Stay vigilant to remain safe from dengue, COVID-19

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We have been experiencing outbreaks of dengue fever more frequently, especially during the rainy season, with fewer gaps in between cases.
Infection rates usually spike in the rainy season, especially in July and August.
However, infections are found year-round in Myanmar, necessitating year-round monitoring. Just because we are battling COVID we should not forget other dangers, such as dengue and chikungunya, which strike during the rainy season. According to the Ministry of Health and sports, from January 1st up to May 30, there have been 1,480 cases of dengue fever and 11 deaths in our country. Sagaing Region is leading with about 300 cases and three deaths, overtaking Yangon which always sees higher number of cases than other regions in previous years. Now, we are facing the two diseases at the same time, which will require intensive attention from the health care system to prevent great harm to the population. There is no typically prescribed medicine to offer treatment for dengue fever, except for relief from pain. And it is worth remembering that the number of yearly deaths caused by dengue fever is higher than COVID-19 fatalities, so far this year.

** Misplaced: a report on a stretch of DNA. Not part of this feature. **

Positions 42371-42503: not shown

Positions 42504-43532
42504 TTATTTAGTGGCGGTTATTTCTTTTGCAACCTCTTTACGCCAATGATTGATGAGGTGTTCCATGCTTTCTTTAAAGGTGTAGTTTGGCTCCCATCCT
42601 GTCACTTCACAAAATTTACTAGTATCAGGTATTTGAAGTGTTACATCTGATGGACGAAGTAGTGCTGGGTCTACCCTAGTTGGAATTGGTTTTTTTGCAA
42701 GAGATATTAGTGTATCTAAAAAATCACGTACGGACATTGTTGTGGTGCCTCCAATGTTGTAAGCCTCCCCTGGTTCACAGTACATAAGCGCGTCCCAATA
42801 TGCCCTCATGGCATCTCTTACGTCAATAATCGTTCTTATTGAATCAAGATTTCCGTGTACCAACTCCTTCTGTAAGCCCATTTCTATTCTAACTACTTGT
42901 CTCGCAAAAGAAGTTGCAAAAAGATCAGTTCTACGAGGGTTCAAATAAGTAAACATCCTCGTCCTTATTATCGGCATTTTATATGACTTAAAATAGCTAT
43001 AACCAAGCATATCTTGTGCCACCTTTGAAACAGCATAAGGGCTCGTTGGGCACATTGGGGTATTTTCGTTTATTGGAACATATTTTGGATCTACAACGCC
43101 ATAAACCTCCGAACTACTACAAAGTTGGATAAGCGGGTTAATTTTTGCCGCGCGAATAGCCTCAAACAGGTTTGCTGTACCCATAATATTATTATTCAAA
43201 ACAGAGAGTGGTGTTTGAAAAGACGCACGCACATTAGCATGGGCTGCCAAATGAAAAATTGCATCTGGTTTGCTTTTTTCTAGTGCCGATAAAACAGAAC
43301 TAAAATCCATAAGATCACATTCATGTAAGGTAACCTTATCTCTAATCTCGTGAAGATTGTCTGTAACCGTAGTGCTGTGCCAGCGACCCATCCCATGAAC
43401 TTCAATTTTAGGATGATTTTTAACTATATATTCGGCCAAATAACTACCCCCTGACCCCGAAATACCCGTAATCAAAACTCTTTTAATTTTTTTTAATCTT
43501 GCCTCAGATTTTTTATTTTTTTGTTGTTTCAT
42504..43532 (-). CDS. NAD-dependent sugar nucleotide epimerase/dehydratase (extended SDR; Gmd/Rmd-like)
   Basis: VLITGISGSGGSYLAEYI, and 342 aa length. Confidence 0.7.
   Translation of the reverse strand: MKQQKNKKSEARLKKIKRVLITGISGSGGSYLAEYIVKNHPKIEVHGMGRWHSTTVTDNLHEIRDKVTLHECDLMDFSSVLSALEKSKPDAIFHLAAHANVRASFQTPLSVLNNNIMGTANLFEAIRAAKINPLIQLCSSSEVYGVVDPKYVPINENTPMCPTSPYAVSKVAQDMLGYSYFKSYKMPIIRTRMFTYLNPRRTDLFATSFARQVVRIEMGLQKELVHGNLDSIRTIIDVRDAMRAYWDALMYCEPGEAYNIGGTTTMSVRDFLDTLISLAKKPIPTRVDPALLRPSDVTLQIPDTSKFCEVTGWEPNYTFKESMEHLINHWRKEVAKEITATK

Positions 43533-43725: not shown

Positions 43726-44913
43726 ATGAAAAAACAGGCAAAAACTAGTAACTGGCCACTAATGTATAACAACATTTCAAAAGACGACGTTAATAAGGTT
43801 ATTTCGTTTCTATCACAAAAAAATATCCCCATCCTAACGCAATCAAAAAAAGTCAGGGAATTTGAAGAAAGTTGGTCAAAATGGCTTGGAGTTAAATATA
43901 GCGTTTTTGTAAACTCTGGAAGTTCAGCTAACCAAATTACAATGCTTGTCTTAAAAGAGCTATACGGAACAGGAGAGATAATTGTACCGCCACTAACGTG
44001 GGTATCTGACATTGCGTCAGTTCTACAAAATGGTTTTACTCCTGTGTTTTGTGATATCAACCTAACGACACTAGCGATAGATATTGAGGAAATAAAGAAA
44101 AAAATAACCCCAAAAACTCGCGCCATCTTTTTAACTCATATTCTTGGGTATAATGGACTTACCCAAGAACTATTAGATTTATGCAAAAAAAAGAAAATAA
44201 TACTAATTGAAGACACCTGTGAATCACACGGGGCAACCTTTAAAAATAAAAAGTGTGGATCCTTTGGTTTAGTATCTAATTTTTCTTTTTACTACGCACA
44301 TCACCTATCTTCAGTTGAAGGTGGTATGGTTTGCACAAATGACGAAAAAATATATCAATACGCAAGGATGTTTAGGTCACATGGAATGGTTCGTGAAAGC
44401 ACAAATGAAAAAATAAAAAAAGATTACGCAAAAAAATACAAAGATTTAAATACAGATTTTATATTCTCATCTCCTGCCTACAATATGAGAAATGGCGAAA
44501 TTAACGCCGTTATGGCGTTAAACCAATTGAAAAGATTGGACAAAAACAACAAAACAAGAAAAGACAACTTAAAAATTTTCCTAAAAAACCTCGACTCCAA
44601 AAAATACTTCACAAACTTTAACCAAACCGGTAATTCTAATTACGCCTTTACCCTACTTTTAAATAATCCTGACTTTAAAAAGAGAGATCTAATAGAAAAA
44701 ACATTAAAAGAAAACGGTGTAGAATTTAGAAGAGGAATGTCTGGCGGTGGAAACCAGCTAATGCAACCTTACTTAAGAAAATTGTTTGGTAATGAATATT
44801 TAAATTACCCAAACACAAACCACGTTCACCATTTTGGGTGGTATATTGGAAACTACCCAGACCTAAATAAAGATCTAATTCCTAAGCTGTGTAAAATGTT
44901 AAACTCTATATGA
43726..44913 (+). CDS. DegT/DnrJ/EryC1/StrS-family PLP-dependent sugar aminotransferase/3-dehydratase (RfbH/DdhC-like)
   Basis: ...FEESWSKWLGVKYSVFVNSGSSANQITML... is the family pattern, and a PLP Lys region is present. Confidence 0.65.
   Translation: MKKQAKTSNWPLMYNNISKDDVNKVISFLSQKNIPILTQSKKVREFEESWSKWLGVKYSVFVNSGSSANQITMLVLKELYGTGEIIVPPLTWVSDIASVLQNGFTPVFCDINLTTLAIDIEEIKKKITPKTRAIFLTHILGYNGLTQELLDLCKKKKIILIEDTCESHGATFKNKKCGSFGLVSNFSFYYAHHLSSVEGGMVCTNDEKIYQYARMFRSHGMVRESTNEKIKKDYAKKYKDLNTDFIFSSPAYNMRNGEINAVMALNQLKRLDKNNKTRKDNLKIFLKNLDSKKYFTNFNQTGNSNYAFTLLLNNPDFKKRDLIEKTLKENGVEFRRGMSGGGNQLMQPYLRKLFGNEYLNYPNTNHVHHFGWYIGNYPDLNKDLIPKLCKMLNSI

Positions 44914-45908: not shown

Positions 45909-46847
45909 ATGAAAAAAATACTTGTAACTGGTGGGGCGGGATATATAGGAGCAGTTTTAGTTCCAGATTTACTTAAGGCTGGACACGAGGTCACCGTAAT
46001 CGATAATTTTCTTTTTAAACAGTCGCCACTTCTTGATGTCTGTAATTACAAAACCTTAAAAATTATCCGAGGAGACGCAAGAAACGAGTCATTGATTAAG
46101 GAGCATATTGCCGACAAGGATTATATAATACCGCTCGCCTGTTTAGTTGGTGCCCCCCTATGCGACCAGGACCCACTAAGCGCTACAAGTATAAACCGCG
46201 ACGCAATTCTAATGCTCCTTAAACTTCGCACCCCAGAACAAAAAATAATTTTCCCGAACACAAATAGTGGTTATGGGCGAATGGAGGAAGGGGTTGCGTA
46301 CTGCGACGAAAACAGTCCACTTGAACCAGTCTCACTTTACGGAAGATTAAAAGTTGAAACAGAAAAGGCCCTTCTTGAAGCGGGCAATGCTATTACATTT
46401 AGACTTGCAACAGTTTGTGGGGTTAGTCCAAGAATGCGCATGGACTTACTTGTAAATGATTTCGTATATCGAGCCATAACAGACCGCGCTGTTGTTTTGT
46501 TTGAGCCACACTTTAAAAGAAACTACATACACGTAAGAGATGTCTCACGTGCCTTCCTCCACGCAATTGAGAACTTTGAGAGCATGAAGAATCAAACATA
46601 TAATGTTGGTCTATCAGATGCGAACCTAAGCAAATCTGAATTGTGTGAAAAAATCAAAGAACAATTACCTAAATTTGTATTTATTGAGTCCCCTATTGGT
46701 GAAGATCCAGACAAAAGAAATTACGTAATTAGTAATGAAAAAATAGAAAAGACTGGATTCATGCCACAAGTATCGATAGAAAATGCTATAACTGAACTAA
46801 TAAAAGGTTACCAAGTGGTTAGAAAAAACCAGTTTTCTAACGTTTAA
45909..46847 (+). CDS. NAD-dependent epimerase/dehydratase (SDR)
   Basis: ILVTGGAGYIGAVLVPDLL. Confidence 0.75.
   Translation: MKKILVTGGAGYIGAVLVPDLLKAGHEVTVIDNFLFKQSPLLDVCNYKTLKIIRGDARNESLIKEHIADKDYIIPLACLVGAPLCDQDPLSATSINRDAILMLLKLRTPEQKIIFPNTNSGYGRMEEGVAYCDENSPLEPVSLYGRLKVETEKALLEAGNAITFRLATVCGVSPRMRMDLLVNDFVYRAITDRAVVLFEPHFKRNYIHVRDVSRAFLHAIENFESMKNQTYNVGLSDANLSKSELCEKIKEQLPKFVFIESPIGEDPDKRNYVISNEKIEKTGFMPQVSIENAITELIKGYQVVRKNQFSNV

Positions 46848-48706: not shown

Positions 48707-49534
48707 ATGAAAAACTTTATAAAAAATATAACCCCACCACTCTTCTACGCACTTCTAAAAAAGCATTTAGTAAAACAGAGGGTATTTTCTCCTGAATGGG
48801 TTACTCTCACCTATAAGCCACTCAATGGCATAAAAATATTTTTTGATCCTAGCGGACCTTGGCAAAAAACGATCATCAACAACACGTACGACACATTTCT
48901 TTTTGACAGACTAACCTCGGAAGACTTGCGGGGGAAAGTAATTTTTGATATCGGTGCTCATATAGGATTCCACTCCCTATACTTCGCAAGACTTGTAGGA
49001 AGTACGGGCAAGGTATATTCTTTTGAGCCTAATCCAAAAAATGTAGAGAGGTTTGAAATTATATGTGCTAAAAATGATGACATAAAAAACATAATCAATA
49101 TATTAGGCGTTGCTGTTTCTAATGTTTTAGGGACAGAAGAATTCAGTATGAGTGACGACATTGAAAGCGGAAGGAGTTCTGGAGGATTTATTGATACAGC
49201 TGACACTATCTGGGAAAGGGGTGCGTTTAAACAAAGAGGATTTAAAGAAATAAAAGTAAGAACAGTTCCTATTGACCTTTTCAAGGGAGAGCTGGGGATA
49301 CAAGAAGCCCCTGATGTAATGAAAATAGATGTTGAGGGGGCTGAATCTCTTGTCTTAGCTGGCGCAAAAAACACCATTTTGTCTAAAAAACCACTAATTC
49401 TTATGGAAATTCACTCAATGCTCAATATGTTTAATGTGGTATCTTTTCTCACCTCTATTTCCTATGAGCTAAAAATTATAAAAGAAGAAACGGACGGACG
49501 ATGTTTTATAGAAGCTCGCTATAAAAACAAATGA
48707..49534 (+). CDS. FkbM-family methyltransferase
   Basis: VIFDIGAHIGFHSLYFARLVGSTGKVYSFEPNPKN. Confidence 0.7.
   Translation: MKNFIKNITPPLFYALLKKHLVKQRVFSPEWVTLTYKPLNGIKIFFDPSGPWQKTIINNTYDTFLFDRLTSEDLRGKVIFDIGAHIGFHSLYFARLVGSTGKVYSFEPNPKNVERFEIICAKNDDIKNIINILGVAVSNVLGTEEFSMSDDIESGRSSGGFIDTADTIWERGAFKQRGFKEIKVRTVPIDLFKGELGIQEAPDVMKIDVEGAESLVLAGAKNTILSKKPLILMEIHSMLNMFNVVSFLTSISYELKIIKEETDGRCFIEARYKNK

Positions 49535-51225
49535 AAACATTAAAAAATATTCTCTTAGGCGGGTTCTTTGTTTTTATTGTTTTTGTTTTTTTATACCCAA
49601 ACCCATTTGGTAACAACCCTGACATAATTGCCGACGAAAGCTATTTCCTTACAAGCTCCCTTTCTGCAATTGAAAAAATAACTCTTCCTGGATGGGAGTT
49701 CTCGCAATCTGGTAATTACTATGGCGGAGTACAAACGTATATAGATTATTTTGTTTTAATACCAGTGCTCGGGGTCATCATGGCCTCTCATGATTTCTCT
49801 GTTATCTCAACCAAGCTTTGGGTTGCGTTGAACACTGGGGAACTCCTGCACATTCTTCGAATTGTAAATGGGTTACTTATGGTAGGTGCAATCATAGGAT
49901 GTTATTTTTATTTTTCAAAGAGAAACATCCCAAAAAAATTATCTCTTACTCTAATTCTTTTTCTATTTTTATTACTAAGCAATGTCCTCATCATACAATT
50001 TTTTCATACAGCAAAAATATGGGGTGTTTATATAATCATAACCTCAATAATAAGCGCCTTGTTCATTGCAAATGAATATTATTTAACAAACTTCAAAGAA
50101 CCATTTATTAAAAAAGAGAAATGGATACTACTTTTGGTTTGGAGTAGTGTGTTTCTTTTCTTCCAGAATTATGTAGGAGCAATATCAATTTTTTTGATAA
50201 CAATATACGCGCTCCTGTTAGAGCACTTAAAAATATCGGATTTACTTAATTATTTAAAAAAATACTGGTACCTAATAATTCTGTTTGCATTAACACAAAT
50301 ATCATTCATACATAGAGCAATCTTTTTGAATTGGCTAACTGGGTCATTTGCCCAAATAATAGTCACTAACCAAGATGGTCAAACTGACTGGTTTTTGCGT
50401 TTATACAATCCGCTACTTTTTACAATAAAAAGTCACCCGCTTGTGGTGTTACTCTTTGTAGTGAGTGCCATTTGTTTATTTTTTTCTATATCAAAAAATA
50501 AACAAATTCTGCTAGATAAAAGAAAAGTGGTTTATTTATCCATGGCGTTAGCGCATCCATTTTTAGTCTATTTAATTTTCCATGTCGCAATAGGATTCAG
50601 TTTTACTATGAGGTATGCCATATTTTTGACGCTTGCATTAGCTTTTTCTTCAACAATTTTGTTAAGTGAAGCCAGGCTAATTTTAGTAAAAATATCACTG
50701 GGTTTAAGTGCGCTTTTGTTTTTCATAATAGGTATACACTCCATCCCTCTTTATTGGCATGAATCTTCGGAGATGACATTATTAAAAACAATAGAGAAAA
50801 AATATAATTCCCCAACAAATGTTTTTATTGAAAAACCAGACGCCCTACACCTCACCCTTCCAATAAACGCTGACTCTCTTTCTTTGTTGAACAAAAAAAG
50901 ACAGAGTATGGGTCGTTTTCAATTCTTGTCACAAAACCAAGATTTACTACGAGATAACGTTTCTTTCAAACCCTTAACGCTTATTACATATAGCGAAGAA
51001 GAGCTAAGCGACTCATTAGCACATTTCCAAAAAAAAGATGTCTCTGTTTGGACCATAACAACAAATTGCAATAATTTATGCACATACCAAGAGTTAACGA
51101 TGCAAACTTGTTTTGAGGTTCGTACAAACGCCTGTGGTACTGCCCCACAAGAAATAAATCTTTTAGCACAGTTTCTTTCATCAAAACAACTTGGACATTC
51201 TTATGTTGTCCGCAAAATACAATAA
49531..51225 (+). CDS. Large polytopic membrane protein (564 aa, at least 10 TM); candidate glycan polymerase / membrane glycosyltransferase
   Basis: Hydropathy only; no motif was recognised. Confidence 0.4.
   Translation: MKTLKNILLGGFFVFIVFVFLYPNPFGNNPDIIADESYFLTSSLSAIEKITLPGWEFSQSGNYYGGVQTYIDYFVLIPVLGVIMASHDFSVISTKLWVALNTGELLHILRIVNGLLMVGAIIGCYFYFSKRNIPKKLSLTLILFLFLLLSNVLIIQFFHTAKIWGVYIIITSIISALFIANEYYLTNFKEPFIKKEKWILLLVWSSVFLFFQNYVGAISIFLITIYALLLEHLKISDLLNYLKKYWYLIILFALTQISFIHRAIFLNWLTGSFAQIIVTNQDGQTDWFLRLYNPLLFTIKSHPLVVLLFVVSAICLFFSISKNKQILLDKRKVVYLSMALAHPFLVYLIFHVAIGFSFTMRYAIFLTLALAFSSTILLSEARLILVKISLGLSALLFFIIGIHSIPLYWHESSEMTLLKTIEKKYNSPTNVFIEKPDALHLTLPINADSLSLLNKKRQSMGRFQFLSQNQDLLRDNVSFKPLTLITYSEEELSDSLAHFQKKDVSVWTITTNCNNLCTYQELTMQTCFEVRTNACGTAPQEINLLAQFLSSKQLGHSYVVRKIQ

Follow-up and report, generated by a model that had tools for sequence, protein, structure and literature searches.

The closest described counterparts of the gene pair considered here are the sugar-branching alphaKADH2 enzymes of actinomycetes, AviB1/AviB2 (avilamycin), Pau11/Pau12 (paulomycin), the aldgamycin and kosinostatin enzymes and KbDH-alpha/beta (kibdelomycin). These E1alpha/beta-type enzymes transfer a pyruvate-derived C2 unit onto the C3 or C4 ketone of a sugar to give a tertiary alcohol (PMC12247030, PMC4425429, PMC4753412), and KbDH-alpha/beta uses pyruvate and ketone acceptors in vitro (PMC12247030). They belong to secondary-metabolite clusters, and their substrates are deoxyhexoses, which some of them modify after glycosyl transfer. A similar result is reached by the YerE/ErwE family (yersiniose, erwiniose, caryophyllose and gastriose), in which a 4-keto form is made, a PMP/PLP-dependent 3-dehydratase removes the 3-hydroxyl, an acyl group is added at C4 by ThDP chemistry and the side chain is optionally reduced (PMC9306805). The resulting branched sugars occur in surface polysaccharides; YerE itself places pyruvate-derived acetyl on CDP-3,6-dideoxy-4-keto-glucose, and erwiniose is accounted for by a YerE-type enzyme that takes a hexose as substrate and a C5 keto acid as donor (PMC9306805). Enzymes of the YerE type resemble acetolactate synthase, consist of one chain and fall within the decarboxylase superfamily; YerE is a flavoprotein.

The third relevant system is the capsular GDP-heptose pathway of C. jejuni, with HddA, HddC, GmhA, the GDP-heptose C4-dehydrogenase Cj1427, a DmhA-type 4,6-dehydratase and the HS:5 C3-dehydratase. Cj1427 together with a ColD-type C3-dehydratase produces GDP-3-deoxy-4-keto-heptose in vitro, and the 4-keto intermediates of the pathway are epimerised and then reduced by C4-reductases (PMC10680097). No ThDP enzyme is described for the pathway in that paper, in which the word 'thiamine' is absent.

This year, the problem is further complicated because the symptoms (fever, sore throat and body ache) of Covid-19, dengue and malaria, and a few other diseases such as typhoid and common flu overlap. The challenge now would be to deal with the diseases while sticking to the social restrictions needed to combat Covid-19. This will burden the testing infrastructure. Continuing the battle against the crippling COVID-19, and coping with the creeping outbreak of dengue fever, appears to pose a dual challenge to the health authorities. However, we are confident that the COVID-19 strategy, with the participation of the people, will be useful in the war to be waged against two diseases at one time. The vector-borne disease is caused by the daytime bite of the Aedes mosquitoes. Its larvae are born in clean rain water that collects in littered containers, such as green-coconut shells, along with the hundreds of types of pots and cans thrown away after being used. By using the same strategies, such as high public awareness about COVID-19, we can prevent dengue fever by eliminating dengue hot spots. These efforts will be beefed up with the involvement of volunteers nationwide. Citizens must also be careful and take precautions.

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